Senate approves Uyghur human rights bill
The Senate on Thursday afternoon approved a bill to sanction Chinese government officials responsible for forced labor camps in the region of Xinjiang, where up to 2 million ethnic Muslims have been forcibly detained, in the latest congressional move to strengthen the US stance toward China.Posted — Updated
The legislation condemns the Chinese Communist Party for the camps and recommends a tougher response to the human rights abuses suffered by Uyghurs, ethnic Kazakhs and other Muslim minorities in the region.
The bill would also require the State Department to assemble a report on human rights violations in Xinjiang. The State Department currently details the abuses in its annual Human Rights and International Religious Freedom reports.
Members of the House overwhelmingly passed an amended version of the bill last December, with a vote of 407-1. The Senate's passage of the legislation is certain to invoke Beijing's ire -- the Chinese government reacted with fury to the House version, with Foreign Ministry spokesman Hua Chunying saying it "wantonly smeared" what China claims are counterterrorism efforts.
Senators had hoped to approve the legislation by the end of 2019, but Republicans took issue with some of the provisions the House had added to the measure. The matter was also put on hold during impeachment proceedings. The House will have to vote again on the legislation now that the Senate has passed its version, sponsored by Republican Sen. Marco Rubio of Florida.
In floor remarks last week, Senate Majority Leader Mitch McConnell connected the Senate's movement on the legislation to the coronavirus pandemic, saying that the United States "is going to be asking tough questions about our relationship with the Chinese Communist Party."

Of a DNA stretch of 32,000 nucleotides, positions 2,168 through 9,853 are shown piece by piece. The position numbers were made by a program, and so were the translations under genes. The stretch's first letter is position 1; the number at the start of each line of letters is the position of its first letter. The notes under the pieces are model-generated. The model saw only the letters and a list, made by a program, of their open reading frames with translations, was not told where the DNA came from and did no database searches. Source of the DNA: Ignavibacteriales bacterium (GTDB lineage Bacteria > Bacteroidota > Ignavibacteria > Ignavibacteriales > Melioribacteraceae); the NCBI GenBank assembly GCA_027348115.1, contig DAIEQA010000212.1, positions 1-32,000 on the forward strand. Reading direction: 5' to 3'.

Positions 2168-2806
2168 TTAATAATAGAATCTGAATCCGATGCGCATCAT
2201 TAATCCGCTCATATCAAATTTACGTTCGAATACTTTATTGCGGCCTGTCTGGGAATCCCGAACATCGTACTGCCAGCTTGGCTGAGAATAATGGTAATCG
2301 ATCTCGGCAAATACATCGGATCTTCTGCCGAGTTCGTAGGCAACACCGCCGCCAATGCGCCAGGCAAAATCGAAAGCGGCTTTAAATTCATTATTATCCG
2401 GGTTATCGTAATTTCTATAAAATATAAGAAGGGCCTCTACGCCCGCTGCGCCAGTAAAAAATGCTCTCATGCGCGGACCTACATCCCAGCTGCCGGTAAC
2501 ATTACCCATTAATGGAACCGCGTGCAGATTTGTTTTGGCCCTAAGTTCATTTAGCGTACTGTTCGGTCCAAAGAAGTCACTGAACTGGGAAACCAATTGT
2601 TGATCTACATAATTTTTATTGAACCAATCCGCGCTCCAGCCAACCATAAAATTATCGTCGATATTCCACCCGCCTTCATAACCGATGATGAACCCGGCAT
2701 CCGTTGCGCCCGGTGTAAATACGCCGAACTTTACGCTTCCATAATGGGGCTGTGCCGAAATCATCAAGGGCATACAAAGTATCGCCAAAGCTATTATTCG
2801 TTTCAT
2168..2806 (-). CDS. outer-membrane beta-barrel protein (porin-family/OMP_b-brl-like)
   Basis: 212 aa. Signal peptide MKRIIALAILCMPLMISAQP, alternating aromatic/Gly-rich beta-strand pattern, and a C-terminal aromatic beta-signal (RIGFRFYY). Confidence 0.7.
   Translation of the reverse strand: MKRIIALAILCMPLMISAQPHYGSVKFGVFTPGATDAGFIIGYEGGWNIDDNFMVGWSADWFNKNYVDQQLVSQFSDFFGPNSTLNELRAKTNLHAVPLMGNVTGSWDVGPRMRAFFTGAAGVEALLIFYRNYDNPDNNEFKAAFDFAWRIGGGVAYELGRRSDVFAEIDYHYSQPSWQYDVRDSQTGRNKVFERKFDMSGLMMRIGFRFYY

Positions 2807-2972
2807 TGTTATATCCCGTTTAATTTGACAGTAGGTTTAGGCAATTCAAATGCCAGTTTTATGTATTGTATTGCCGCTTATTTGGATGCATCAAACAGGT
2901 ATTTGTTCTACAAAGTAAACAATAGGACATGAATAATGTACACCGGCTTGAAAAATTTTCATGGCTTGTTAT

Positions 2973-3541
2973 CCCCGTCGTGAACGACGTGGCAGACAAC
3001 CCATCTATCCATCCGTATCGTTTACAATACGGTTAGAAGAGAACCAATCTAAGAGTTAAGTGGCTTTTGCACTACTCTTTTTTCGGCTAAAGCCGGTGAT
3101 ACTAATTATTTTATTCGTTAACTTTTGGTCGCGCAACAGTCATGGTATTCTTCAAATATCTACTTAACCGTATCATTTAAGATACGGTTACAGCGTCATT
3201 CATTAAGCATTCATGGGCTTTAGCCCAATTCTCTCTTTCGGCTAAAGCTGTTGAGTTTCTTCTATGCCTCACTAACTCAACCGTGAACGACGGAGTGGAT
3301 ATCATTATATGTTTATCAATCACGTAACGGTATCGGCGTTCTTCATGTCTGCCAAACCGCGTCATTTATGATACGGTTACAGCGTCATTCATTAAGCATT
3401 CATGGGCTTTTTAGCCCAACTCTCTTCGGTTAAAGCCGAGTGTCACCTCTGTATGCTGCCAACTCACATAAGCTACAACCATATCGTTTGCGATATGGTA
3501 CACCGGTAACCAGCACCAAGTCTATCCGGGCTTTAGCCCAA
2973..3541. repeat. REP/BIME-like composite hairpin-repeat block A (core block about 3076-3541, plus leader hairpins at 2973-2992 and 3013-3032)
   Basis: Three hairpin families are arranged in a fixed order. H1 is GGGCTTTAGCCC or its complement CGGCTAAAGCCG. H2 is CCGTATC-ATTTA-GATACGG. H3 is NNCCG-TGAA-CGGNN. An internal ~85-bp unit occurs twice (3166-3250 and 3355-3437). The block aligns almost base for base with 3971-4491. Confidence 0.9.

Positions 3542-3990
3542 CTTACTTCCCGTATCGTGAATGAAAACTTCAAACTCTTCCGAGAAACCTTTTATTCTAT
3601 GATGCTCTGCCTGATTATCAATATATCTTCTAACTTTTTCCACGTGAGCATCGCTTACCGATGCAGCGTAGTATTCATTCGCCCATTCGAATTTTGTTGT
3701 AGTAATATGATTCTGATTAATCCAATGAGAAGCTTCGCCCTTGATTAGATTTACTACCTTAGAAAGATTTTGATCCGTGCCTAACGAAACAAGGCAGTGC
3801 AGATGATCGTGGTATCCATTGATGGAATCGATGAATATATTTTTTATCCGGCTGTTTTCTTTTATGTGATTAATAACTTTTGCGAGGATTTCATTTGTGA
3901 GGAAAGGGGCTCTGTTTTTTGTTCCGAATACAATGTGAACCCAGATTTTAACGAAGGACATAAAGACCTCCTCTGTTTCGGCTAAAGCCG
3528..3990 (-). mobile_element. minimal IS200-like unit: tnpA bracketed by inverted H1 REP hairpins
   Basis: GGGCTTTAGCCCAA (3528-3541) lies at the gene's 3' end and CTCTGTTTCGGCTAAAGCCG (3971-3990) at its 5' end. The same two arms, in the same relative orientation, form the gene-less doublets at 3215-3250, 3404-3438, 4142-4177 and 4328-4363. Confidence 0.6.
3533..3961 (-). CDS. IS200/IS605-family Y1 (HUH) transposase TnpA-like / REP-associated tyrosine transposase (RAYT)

The Kentucky Republican added that he expects the Senate's passage of the Uyghur human rights bill to bring "more attention to the plight of this mistreated minority."
The bill passed under unanimous consent, a process used for expedited passage of uncontroversial legislation.
The action comes as the Senate Foreign Relations Committee is set to advance another bill soon that is seen as a rebuke to the Chinese government.
The Tibetan Policy and Support Act, introduced by Rubio and Sen. Ben Cardin, a Maryland Democrat, would make it US policy that the succession of Tibetan Buddhist leaders, including a future 15th Dalai Lama, be left solely to the Tibetan Buddhist community, without interference from the Chinese government. Once it has been approved in committee, the measure will be able to go to the full floor for consideration.
Under the legislation, if Chinese officials interfere in the process of selecting Tibetan Buddhist leaders, they would be subject to sanctions under the Global Magnitsky Act -- including denial of entry into the United States. The measure also calls for the creation of a new US consulate in Lhasa, the capital of the Tibet Autonomous Region.
Lawmakers in the House approved a similar bill in January. There are some small differences between the House and Senate measures, so the House will have to vote on the Senate bill once it has passed before it can become law.
This story has been updated with the Senate's passage of the Uyghur legislation Thursday.
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